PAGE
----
Let’s put endangered species in kids’ hands

Our family always has made pets out of all kinds of living things. We had a dogie goat named Penco, which isn’t terribly original since Penco means dogie in Spanish. Penco learned that when the back door slammed either food or fun were on the way, and he always came running.

Our pet squirrel named Chester had the run of the house — literally. He had his bluff in on the old tomcat, so Tom hid out on the back porch much of the time. We had a catfish named Whiskers (what else?). Mom vetoed the bathtub, so we let him live in the stock tank in the corrals. He’d come to us for food, and we learned he’d eat almost anything that didn’t eat him first.

We chased grasshoppers and dug worms for a little chicken named Peep — another original name. We even provided little pieces of gravel so her craw would work right.

We broke a big hog to ride. We had to rig a hackamore instead of a bridle with a bit, but she neck-reined (actually shoulder-reined) pretty darn good. We had a great time riding her among the junipers.

All the animals we adopted grew up strong and healthy.

With that in mind I’ve been thinking (which is dangerous, I admit, but I recklessly indulge now and then) about — drum roll please and deep voiced intonation — endangered species.

Of course, many of us suspect the “endangered species” hullabaloo is really about confiscating the land and turning it over to the government, which would then let the city folks “administer” it — much like the Soviet Union used to do.

But if, in fact, they truly want to save these specimens (notice most of them are exceptionally photogenic?) here is my plan:

Capture examples of each “endangered specie” and turn them over to the ranch and farm kids. Before long, we’d have spotted owls perching on kids’ shoulders while the chores got done, and the kids would soon have enough of them to rent out to city dwellers to keep the mouse population under control. ‘Course then they’d probably put mice on the “endangered” list.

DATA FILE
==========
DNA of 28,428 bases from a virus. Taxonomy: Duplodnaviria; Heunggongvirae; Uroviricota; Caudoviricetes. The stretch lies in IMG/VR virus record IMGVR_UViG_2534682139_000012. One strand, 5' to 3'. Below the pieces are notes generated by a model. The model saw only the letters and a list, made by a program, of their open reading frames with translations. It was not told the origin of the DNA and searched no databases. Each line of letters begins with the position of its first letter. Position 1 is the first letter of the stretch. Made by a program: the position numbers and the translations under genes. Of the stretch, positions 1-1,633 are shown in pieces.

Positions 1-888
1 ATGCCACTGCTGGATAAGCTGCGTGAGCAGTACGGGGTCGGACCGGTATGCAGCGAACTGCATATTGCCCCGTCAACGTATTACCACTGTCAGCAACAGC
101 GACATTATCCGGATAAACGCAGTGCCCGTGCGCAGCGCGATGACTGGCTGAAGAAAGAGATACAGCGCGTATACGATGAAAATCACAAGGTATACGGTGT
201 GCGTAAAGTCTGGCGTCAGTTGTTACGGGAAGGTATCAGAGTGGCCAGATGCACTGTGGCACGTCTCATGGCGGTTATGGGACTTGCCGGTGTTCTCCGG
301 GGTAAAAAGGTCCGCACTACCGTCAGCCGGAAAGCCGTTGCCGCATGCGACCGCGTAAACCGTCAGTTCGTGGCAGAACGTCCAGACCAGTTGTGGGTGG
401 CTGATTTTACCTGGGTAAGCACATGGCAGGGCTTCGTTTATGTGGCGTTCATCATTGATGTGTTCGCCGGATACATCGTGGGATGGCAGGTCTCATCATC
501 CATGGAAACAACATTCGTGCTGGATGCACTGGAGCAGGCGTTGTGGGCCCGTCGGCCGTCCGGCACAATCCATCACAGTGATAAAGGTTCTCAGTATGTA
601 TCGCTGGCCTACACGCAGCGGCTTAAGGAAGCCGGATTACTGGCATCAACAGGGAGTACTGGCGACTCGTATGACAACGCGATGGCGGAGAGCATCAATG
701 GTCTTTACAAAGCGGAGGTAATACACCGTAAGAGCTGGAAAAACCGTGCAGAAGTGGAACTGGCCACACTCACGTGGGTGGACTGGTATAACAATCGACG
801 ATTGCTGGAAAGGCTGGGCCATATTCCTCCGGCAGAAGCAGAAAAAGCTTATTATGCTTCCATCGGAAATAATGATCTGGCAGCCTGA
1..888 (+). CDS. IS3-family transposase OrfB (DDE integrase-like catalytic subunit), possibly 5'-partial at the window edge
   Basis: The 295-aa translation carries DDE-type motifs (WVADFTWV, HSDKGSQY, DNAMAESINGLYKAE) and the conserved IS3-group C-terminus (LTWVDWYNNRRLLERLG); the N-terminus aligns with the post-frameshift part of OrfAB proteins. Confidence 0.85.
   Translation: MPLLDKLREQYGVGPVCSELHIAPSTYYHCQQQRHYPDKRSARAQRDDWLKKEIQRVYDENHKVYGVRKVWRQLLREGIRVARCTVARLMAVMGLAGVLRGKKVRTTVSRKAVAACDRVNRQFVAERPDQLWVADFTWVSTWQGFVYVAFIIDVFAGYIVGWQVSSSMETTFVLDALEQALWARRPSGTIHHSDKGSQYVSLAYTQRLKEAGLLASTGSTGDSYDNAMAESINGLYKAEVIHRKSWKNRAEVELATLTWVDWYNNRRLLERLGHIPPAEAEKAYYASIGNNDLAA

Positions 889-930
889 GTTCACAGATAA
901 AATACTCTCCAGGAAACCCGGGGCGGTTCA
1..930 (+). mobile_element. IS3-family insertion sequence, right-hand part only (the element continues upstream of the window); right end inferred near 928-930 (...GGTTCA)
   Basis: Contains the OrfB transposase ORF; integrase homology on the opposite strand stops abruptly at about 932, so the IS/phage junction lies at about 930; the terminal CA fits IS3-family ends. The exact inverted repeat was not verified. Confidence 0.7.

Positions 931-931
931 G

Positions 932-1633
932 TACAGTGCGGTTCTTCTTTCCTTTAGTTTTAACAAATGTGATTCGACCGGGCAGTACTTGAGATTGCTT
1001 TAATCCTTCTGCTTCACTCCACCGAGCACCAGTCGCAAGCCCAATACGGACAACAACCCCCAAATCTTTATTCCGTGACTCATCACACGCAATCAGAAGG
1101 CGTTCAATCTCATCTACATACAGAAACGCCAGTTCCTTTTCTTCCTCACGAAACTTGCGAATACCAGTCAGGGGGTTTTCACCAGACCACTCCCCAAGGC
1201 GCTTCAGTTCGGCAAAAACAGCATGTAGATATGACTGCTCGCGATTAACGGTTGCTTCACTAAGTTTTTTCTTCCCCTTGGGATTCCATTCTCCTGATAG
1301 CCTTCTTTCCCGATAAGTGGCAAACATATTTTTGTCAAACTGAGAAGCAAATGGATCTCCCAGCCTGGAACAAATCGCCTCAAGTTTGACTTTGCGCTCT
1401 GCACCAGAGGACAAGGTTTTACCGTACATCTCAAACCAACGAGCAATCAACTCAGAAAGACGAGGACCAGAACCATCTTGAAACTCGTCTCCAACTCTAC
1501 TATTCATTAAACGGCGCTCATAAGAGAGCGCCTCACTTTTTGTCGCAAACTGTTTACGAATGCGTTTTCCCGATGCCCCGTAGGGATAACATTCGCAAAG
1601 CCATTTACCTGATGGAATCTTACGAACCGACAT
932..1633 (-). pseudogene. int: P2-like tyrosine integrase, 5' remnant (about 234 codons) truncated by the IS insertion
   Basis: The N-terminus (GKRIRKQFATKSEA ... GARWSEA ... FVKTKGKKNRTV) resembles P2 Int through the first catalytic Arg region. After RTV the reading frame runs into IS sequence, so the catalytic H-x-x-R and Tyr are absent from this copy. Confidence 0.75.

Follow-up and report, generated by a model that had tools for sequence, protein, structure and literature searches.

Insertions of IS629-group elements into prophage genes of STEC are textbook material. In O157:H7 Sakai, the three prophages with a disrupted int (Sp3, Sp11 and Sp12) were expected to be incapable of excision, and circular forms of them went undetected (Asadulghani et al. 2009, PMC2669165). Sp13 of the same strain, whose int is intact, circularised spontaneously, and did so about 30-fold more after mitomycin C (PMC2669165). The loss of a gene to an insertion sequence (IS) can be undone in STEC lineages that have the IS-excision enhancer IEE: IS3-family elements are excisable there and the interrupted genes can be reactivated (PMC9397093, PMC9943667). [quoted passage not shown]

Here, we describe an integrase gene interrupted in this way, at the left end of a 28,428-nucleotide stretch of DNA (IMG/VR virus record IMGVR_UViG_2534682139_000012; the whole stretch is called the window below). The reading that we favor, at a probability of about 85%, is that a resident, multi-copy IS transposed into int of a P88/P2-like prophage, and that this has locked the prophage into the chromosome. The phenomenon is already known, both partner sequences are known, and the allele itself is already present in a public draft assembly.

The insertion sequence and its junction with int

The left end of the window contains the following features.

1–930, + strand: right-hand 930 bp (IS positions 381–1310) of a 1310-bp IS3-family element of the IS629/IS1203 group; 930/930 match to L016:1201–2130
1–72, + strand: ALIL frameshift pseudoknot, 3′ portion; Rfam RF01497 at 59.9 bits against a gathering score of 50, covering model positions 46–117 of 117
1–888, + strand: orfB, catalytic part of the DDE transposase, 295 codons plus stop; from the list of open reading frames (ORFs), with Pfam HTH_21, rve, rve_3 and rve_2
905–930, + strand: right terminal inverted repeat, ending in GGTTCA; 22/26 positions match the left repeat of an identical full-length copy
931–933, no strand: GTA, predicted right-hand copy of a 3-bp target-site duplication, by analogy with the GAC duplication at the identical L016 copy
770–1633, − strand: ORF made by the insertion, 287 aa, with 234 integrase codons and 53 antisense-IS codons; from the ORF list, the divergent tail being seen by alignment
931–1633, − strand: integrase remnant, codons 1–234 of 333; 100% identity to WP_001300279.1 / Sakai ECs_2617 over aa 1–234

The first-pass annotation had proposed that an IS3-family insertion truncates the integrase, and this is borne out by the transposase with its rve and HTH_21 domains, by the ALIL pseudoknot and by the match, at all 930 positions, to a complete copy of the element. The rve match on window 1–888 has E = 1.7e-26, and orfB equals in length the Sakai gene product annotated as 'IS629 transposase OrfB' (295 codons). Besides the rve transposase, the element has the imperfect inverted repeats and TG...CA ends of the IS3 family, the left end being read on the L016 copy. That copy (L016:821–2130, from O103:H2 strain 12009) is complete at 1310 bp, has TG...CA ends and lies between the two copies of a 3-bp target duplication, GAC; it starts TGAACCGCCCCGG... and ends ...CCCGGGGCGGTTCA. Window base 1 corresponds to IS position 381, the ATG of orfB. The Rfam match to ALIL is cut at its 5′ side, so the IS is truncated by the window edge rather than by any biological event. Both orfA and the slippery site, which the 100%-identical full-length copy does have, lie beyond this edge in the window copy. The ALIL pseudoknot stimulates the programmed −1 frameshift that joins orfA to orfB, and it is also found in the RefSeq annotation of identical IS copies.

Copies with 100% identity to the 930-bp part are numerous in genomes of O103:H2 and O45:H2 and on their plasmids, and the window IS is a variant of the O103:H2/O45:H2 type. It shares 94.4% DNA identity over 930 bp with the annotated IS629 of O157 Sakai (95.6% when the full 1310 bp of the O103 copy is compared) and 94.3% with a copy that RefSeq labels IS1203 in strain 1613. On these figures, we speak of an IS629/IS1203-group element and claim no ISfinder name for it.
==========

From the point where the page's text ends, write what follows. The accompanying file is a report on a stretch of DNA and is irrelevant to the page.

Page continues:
Best of all would be the movie stars. No more Lassies. The wolves could howl besides rescuing fair maidens and performing daredevil tricks. And their special talent would be evident at international border crossings. Imagine a drug smuggler’s reaction when he comes face-to-fang with Carny (short for carnivore) the Sniffer.

Herds of desert tortoises would stop traffic (for long periods of time) as the cowhands (turtle hands?) moved them to winter pasture.

The little fish that animal rightists are so worried about would propagate in ranch stock tanks so fast we’d probably have to start letting fishermen help thin them out. The moms would, as country women always do, concoct recipes for chubs and silvery minnows so fishermen could discover a new taste sensation.

You laugh, but remember the controversy over our national bird — turkey or golden eagle. The one we can eat is the one not in trouble.